For someone in recovery, the holiday season can be loaded with landmines, especially for someone who is in the nascent phase of recovery. Everywhere you turn there are advertisements and commercials depicting folks celebrating together, glasses of wine, brandy, beer or cocktails in hand as they revel in the holiday festivities. Booze and holiday cheer seem to be interwoven in our society.
As adults in recovery who may have spent many years partaking in this tradition, and who are now extracting themselves from the holiday partying scenarios, it may seem that the only way to stay sober over these four weeks is to hide in your home and wait it out. But maybe, just maybe, a little refresher is all it takes to change that strategy; to be reminded of the many wholesome and sober activities available for anyone who still wants to participate in the joys of the season.
Invite some sober friends to a bowling party. Bring some appetizers and non-alcoholic festive beverages, and maybe a small gift for the winner of the tournament. Bowling is always fun, especially when it’s only a ball in the gutter and not you.
If you live near a lake or the coast, enjoy the boat parades. Get all bundled up and bring a thermos of hot chocolate and watch the decorated boats show off their holiday trappings.
Go see a Christmas play like The Nutcracker or A Christmas Carol at a local performing arts center. Lose yourself in the story for a couple of hours and enjoy the message.
Plan an afternoon sporting event, weather permitting. Get some friends together for a game of softball, football or volleyball. It is great exercise and a chance to have some clean fun. Watch how much better you play now sober.
Go see a holiday concert or a Christmas chorale performance. Nothing defines the joy of Christmas like beautiful music. Let it move your soul.
An important element of recovery is the concept of giving back, or offering your time to help others in need. What better venue to put this in action than at a local homeless shelter where you can help with the preparation or serving of the holiday meal. Organize a food drive and take the collected food to a local pantry too.
Local malls and downtown centers usually have special embellishments during the holiday season, such as a trolley, horse-drawn carriages or carolers. Grab a friend and put yourselves in the midst of this festive environment. Watch children light up as they go see Santa, and maybe get some shopping done while you’re at it.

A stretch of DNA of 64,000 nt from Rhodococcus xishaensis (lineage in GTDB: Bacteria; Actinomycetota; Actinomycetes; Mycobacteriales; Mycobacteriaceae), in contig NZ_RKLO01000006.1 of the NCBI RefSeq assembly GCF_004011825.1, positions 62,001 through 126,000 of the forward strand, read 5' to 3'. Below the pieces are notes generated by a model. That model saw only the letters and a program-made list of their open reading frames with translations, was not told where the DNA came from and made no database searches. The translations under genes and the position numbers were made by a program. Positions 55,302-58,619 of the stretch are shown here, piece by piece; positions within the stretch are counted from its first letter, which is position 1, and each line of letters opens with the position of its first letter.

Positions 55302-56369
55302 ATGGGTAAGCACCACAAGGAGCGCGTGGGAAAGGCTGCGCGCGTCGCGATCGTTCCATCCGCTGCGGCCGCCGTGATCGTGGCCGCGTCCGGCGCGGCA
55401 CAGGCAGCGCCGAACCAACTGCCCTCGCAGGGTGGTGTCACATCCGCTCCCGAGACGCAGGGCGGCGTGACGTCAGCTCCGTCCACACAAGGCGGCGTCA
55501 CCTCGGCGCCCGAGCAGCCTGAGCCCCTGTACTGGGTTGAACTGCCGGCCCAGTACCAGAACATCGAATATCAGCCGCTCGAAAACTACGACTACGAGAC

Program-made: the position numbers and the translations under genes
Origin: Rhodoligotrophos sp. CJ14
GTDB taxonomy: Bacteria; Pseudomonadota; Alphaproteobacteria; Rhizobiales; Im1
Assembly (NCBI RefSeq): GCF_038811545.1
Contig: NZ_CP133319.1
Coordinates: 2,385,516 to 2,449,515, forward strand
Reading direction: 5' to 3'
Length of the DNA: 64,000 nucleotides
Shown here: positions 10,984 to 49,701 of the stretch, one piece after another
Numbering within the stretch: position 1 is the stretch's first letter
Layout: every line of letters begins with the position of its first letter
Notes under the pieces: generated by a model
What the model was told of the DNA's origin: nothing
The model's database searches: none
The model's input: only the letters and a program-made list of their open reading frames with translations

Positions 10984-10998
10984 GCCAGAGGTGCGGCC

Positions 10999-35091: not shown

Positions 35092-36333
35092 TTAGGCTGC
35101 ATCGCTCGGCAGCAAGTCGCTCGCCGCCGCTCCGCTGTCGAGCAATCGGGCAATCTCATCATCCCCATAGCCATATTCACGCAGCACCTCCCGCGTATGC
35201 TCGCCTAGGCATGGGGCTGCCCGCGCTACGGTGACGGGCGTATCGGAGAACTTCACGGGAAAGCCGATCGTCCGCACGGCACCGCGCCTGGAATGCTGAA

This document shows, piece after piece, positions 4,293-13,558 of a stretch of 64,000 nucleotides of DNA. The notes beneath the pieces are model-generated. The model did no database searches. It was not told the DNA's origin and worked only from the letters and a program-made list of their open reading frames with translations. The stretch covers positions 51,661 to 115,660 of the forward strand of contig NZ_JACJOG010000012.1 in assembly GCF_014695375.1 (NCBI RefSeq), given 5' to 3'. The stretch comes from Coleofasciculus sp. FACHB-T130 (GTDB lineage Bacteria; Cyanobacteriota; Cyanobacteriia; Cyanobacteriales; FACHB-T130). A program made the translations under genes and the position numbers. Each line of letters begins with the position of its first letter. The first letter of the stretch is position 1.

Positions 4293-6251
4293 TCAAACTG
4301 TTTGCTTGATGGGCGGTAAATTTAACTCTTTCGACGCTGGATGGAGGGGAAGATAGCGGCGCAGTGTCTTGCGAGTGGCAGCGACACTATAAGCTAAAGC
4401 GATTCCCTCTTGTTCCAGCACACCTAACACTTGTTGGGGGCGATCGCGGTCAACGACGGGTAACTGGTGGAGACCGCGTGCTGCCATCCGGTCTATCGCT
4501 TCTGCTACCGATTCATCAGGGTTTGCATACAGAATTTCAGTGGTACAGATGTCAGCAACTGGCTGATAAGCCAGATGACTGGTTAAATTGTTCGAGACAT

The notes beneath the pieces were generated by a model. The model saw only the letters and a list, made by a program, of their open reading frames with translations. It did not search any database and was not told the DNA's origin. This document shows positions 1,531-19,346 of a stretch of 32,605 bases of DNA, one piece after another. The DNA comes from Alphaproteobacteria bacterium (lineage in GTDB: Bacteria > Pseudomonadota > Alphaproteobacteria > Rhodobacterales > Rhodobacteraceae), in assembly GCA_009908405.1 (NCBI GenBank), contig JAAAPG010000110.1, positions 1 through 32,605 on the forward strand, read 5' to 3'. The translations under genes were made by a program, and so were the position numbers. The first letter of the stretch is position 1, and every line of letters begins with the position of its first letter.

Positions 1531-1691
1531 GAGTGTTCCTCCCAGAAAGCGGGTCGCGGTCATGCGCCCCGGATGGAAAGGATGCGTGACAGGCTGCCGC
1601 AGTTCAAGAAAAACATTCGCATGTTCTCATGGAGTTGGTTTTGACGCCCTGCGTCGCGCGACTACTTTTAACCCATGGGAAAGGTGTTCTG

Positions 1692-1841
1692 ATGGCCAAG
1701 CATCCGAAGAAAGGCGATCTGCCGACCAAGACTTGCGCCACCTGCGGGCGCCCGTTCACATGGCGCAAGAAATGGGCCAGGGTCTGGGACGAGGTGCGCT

Plan a sober party. If attending parties where alcohol will be plentiful, possibly sabotaging your recovery, is too risky, why not plan your own party with sober friends and family? Make it a potluck to keep costs down, find some festive holiday punch recipes and offer sparkling cider, put on some great music, play some board games and have a white elephant gift exchange.
If you live in a snowy region, bundle up, get outside and enjoy winter activities with friends. Get out the sled and saucers, go tobogganing or find the local ice rink.
Go to see a movie and have dinner with friends. All the big movies are released in December, so make an event out of it. Or, rent some classics like “It’s a Wonderful Life” or “White Christmas,” invite some friends over, make a batch of popcorn and have movie night right at home.
If there is absolutely no way to get around attending an office party or family event where alcohol will be served, taking a few preventative measures will help you navigate the risks. Arrive with your own non-alcoholic beverage and keep it filled through the duration. Bring an AA buddy or sober companion along to help you get through the event. Plan to call your sponsor every hour, if needed. No need to stay long, just politely excuse yourself when you feel it is time to go.
Go out and enjoy the beauty of the season happy in your sobriety.
Sovereign Health Group is a residential treatment provider specializing in addiction, dual diagnosis and mental health treatment. For information, call our team at 866-524-5504, or check out reviews online at stage.sovhealth.com.
Written by Eileen Spatz, Sovereign Health Group writer